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Three brilliantly insane watches celebrate technology for technology’s sake

Technology isn’t always all it’s cracked up to be. Take Wi-fi on airplanes, for example. Recently, I flew to Europe and chose Finnair purely because the airline has onboard Wi-fi, which means I can work a little, and send inane WhatsApp messages to friends, all along the lines of “Guess where I’m texting from?” The flip side of this is that you now become “available” and so must reply to work emails, and there’s only so many texts you can send before people stop caring and go back to ignoring you. Sigh.

There are, however, brief moments when technology for technology’s sake is to be cherished and this week we’ll look at three ridi­culous watches that glory in that mantra.

The latest wizardry from top independent watchmakers

First up is the Urwerk UR-105 TA Clockwork Orange. Urwerk is known for its innovative ways of displaying the time and, on the UR-105 TA, this is done through satellite hours (four rotating discs that move in a carousel motion) that line up with the minutes disc at the bottom of the dial. The black PVD titanium case is 39.5mm wide and 53mm long, so it’s not a small watch. Inside is a 5.02 UR automatic movement that holds up to 48 hours of power. Despite its overall industrial look, there’s are some classic touches, too, such as the circular graining on the dial. It sounds complex and it looks com­plex and, yes, it’s pointless, but, nonetheless, this watch is undeniably cool and something very different. Prices are available upon request.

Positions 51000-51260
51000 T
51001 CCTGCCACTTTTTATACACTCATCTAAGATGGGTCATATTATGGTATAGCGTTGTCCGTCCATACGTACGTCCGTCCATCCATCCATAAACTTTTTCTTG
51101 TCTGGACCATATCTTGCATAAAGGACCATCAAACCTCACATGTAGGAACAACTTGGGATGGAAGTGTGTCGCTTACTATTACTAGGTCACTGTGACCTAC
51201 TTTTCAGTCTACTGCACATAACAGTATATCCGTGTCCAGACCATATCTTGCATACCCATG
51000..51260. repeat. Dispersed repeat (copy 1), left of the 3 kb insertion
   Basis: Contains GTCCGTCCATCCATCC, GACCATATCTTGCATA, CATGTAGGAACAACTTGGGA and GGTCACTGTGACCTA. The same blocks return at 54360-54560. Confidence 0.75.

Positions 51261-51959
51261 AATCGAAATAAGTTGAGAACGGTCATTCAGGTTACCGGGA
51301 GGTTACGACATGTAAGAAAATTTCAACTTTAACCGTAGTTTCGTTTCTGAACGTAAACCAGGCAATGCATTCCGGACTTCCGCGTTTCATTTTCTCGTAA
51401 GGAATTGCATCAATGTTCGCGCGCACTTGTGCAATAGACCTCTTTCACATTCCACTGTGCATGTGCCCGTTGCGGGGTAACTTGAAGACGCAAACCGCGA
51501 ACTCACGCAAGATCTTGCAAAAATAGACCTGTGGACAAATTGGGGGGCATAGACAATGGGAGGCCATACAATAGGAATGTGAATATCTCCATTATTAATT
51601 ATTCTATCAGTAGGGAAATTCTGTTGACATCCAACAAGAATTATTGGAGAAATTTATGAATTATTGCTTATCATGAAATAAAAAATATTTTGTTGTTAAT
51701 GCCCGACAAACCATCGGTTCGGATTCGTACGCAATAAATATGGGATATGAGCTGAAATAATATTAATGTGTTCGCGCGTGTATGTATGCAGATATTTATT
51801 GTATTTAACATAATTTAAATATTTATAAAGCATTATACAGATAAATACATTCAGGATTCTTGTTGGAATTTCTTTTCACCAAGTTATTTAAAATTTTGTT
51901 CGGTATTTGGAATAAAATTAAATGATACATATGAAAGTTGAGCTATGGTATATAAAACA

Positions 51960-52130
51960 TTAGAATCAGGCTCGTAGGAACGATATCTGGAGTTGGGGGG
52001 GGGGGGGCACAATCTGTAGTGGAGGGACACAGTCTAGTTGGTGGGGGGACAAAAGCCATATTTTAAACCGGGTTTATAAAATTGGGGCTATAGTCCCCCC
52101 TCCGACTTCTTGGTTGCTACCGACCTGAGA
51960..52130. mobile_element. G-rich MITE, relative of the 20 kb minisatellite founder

Like Batman v Superman, these watches aren’t for everyone

Next we have an old favourite, MBF, which does loopy better than any other watchmaker. The Legacy Machine 1 (LM1) was MBF’s stab at classic watchmaking but Max Büsser being Max Büsser, the subsequent iterations have had freaky tweaks and the LM1 Silberstein is perhaps the best of the lot. Made in collaboration with watch designer Alain Silberstein, this LM1 is a visual feast, with strong colours adding drama to the dial design, the highlight of which is a pulsing hairspring beating at the centre. The 42.5mm case houses a movement designed by watch royalty Jean-François Mojon and Kari Voutilainen. Limited to 36 pieces (12 each in red gold, titanium and black PVD titanium) prices for the LM1 Silberstein are available upon request.

Finally, we have something complex and quite bril­liant from one of the oldest watchmakers in the business, Breguet. The Tradition Chronographe Indépendant 7077, at first glance, looks like a beautiful blizz­ard of cogs, gears and screws but the real genius here is in the movement, which features two entirely independent trains – the first for the hours and minutes, and the second for the chrono­graph. Again, it’s clever but completely unnecessary, although you do have to admire the engineering. The white-gold case is sized 44mm and the watch has 55 hours of power reserve. Features include a power-reserve indicator at the two o’clock position, a 20-minute counter at the 10 o’clock position and, of course, the chrono­graph. The Tradition Chronographe Indépendant 7077 is priced at HK$628,900.